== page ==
By Sunanda K. Datta-Ray
December 23, 2014
Yet another New Year will be upon us in exactly a week with the rulers of 1.2 crore Indians still groping for a national identity. Being Indian isn’t good enough for them. As a Hindu, I cannot but feel the pretended battle against dire cultural aggression is really only an attempt to increase a small group’s power by smothering India’s rich diversity in drab and deadly uniformity.
The public doesn’t want it. It’s the mischief of a coterie — Derek O’Brien’s “bigots in Nagpur” and their allies — to increase its clout. This coterie feels emboldened only because Narendra Modi’s Bharatiya Janata Party government does nothing to discourage the perception that Hindutva is its ultimate goal. Hence Operation Dharam Parivartan, the justification of “Ghar Wapsi” by the Rashtriya Swayamsevak Sangh’s Mohan Bhagwat, the threat to establish 543 Vishwa Hindu Parishad units across West Bengal, the Hindu Mahasabha’s demand for Nathuram Godse’s statue in all our cities and the silly move to rename December 25 “Good Governance Day”.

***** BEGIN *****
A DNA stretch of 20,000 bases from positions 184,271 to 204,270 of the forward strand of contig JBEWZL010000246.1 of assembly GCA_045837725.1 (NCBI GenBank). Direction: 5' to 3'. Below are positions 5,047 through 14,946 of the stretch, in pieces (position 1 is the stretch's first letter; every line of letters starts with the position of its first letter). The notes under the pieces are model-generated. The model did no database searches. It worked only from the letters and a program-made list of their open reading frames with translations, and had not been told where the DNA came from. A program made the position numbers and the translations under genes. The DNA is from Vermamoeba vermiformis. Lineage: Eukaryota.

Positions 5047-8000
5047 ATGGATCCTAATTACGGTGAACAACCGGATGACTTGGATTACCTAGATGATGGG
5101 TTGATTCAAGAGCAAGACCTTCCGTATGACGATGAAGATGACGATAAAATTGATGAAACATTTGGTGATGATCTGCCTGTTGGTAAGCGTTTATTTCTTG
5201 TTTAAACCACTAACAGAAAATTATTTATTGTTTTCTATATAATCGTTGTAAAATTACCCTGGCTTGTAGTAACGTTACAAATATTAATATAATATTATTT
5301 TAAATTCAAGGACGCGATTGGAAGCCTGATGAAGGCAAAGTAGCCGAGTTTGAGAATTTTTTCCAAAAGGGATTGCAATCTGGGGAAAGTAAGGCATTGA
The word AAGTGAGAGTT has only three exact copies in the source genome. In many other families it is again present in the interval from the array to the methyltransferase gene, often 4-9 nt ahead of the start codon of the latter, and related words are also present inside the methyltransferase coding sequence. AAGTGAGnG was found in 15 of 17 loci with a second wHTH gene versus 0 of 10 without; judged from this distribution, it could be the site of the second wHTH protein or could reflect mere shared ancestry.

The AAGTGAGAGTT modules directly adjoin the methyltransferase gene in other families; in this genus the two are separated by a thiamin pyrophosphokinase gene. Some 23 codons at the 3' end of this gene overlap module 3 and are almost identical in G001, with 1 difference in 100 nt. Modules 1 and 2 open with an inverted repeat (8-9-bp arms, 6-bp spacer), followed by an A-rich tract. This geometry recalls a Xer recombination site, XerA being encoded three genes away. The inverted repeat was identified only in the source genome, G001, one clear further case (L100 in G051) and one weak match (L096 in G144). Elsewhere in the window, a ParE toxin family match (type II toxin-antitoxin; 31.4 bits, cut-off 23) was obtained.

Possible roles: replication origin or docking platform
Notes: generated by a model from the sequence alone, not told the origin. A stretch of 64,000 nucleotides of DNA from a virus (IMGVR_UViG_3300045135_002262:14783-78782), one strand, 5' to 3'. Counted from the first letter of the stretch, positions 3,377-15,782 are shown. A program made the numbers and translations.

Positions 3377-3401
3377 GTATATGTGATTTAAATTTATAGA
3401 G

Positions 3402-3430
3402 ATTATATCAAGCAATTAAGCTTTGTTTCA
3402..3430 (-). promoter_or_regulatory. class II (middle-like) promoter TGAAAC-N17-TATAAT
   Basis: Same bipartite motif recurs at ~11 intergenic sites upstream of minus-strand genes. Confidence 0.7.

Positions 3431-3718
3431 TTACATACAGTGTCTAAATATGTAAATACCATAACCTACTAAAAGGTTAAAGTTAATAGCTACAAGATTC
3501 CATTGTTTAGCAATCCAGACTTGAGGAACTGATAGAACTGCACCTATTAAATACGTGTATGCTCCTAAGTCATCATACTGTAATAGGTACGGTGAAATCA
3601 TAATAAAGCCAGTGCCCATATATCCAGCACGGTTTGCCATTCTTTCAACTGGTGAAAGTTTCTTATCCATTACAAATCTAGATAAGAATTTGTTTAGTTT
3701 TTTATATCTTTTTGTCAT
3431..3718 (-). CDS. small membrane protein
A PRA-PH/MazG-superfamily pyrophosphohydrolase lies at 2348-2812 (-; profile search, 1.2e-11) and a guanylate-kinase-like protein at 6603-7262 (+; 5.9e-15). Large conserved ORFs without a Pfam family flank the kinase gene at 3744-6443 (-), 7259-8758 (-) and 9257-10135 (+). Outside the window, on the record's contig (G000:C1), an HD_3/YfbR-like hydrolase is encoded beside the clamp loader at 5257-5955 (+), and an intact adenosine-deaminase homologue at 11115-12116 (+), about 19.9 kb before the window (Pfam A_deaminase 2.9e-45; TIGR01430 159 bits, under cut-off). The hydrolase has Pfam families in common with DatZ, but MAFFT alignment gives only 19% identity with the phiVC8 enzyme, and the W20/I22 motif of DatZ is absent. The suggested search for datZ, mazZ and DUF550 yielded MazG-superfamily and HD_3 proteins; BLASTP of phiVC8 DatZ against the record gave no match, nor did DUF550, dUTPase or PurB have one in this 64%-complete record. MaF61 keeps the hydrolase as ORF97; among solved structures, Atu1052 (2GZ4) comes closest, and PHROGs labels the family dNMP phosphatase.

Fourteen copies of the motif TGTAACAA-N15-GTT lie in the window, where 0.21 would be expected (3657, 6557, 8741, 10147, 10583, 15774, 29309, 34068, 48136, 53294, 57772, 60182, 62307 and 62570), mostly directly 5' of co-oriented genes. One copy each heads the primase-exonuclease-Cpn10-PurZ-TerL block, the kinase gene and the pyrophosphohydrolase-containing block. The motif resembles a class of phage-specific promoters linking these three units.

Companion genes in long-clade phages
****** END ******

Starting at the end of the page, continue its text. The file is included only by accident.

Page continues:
Aurangzeb’s tunnel-vision regime destroyed the Mughal Empire by trying to propagate Islam through similar impositions. No one would object if the Sangh Parivar recommended effective measures to detect and check illegal immigration from Bangladesh. Nor could anyone complain about legal steps to curb the suspected inflow of funds, said to be from West Asia, for what looks like a massive countrywide campaign to build or upgrade mosques and madrasas. But let Amit Shah, the BJP president who says “BJP is not supportive of any forceful conversions,” prove his good faith by ensuring the government and its agencies do not condone moves to stamp out other faiths.
There is something stagnant about people whose minds are so caught in the dead waters of times long past. Their obsession recalls a novel — I think it was Tarak Nath Gangopadhyaya’s Swarnalata written in 1873 — I read as a schoolboy where two simple villagers discuss the attractions of converting. If I remember right after more than 60 years, one man says that by joining the Brahmo Samaj he will be able to marry an educated teacher. That’s nothing, retorts his companion: a Christian gets a memsahib for a bride.
Mr Bhagwat would disapprove of both. If his RSS could, it would demand a law with retrospective effect annulling all past conversions. They would call it Freedom of Religion Act because legislation on the subject faithfully follows the Orwellian Newspeak which means the opposite of what it says. It became the official language of white-ruled South Africa. If the apartheid regime enacted a law to protect blacks, everyone knew it was intended to exploit blacks.